That same morning, I got a notice from the bank that we had $30.00 to our name! We do run on some relatively minimal amounts, but that’s ridiculous. How do they figure that and what happened to the rest of our money? 

purple, orange, pink, and yellow sunrise

The hotel had put a claim on our account for the full value of our stay, and our bank considered that payment. Ouch. We knew it wasn’t a payment, and the hold would go away, but when? Three business days after we checked out!

Check out! How were we going to check out of our free hotel with $30 when the resort fees alone were more than that? Yikes.

We couldn’t afford to check out, and until we checked out our funds were on hold so we couldn’t check out. There’s a technical name for that, right? 

purple, orange, pink, and yellow sunrise

It Goes On and On

Meanwhile, plenty of new homeowners were contacting us about house sits, which is always great, but these were all in random, far-away places. How are we supposed to go there if we can’t check out of here?

Oh, and one more thing: we had reached the data limit for the month on our phone plan. That meant we couldn’t use our phones to look for new – and closer – house sits on the websites, or search for campgrounds to stay in if we ever did manage to check out of the hotel!

If we went over our limit, we’d get a $15 charge, and that would probably create an overdraft charge of $39 from the bank. We didn’t like how the math was going.

purple, orange, pink, and yellow sunrise

We were beside ourselves and in quite a panic. How could a couple of emails and a text change our life so much? At least that’s how it felt to us. And it wasn’t noon yet. We were used to challenges by then, but this was a bit much. We felt like we were being pushed under water again and again. Hey, how about some air!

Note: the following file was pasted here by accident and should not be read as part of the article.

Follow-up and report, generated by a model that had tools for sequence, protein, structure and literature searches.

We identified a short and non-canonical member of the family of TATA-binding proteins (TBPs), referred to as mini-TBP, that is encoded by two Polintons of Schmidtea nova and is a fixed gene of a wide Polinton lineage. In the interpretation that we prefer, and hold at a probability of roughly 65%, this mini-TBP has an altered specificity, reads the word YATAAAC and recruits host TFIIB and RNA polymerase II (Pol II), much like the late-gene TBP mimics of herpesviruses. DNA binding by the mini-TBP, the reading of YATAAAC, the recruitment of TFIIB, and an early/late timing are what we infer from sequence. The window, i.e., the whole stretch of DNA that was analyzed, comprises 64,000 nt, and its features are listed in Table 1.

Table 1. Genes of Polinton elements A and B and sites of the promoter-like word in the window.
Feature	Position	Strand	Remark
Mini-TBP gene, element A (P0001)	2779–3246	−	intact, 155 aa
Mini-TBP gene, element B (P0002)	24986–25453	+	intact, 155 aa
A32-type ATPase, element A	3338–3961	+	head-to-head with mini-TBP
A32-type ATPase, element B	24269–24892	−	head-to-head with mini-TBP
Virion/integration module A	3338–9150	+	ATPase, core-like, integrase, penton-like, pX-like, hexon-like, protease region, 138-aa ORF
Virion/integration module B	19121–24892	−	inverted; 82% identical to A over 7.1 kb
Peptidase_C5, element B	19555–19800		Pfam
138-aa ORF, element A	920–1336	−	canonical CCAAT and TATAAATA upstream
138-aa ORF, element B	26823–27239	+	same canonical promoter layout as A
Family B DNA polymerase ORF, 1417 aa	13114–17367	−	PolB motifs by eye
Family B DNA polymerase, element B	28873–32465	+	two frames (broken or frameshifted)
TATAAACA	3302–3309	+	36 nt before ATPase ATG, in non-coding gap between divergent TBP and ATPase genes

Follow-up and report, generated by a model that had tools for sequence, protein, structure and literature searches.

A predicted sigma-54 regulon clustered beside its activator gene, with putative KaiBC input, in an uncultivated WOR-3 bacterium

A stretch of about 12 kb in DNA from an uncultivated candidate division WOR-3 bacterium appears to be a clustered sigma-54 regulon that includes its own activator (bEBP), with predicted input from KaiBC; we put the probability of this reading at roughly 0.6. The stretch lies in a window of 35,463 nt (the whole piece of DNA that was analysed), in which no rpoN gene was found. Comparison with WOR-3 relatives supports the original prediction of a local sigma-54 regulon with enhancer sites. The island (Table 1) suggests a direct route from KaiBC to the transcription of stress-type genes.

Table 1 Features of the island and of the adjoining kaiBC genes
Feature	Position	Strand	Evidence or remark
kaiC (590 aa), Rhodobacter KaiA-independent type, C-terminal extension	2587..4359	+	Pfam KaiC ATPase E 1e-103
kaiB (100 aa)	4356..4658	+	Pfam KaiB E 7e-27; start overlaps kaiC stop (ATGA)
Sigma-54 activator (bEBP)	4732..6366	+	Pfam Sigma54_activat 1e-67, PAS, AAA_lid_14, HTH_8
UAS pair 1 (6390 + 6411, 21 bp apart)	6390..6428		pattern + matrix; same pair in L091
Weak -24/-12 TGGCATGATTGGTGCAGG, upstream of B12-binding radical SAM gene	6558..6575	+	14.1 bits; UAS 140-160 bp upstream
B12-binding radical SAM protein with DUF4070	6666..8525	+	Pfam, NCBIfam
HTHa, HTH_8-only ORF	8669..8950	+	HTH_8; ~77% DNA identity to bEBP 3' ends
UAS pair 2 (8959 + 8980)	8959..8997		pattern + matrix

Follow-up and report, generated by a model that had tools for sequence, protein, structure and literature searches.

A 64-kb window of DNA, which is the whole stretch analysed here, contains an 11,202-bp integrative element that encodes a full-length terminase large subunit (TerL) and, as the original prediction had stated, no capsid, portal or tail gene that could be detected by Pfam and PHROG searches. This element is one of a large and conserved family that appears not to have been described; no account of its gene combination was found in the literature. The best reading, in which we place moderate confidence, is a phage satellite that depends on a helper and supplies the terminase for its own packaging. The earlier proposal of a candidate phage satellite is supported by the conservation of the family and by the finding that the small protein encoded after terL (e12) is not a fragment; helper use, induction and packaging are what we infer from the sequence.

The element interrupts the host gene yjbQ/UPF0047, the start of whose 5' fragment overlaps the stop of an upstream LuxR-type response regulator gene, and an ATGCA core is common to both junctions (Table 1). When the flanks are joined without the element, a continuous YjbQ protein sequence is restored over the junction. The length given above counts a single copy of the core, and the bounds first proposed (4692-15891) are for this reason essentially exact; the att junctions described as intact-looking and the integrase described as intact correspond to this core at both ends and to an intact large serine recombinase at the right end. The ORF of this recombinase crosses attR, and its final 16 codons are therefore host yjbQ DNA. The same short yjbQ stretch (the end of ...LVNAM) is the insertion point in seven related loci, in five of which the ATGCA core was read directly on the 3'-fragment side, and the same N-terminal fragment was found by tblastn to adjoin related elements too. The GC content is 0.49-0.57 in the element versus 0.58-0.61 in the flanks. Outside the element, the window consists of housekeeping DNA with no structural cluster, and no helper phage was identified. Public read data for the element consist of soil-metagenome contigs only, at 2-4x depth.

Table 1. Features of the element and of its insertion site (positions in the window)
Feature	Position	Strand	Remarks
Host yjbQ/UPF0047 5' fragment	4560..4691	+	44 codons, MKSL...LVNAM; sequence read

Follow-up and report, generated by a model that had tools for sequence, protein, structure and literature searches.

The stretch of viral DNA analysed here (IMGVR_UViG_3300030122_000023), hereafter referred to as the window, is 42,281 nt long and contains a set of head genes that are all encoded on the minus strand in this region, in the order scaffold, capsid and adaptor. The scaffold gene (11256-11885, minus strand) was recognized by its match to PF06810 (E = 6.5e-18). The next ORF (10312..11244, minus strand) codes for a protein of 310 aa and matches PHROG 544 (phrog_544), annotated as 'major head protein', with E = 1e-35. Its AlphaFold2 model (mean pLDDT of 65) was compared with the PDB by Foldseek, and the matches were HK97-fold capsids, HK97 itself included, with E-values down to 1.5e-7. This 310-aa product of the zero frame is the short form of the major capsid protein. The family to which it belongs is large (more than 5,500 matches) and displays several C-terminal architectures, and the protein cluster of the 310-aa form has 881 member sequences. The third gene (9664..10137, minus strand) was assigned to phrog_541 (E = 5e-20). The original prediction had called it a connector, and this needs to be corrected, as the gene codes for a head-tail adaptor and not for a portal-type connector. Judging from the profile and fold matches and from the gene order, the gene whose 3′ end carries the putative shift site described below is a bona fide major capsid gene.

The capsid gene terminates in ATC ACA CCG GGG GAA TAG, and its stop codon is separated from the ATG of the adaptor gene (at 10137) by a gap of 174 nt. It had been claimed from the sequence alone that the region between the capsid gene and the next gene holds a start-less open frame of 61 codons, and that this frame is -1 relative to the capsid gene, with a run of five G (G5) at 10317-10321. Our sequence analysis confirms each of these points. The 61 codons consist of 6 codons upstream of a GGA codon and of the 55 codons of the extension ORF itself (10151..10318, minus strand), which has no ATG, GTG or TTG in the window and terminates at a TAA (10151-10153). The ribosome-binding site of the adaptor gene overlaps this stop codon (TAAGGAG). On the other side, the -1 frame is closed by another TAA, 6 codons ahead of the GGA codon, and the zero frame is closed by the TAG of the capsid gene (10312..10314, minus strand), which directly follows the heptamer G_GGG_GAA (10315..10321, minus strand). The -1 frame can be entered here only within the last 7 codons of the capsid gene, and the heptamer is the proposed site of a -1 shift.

purple, orange, pink, and yellow sunrise

My head started spinning, planning this and that, looking for options. I couldn’t stand that level of uncertainty and wanted to make decisions right away about what to do.

That was way too fast for Jim: he’ll be the first to say he needs pondering time for most decisions. He needed that, but I thought we didn’t have any time to spare.

Just then someone mentioned food, and we realized we hadn’t eaten anything yet that day. We didn’t have enough blood sugar even to worry properly. We drove back to our hotel room, ate something so we could at least sit down and bemoan our terrible fate.

purple, orange, pink, and yellow sunrise

A Few Solutions

The next day after weighing all the pros and cons of various scenarios, we decided we wouldn’t drive cross country, Jim would fly to the wedding, and we agreed to the house sit in Washington.

Also, Jim suddenly remembered that his daughter was taking a trip in a couple of days. He made a call – yes, we can stay at her place in Los Angeles for three days when we leave Laughlin. That meant three fewer camping days!

purple, orange, pink, and yellow sunrise

We squeaked by on the hotel bill after pleading for more discounts. We’ve never been so glad to check out of a hotel! Then, if we didn’t spend any money on food, looked for quarters under the seats, bought discount gas, then maybe just maybe we could get all the way to Los Angeles. 

The plan still left us with four or five days with nowhere to stay. At least we’d be in pleasant weather and, as the saying goes, at least we had each other. 

We understand that not everyone likes so much melancholia. We don’t either, but there you have it. Our moment of wonder and glee in that friendly little town on the banks of the Colorado River. 

purple, orange, pink, and yellow sunrise

P.S. On our way out of Laughlin, we stopped for the sunrise you see in the photos – I thought it fit the story quite well.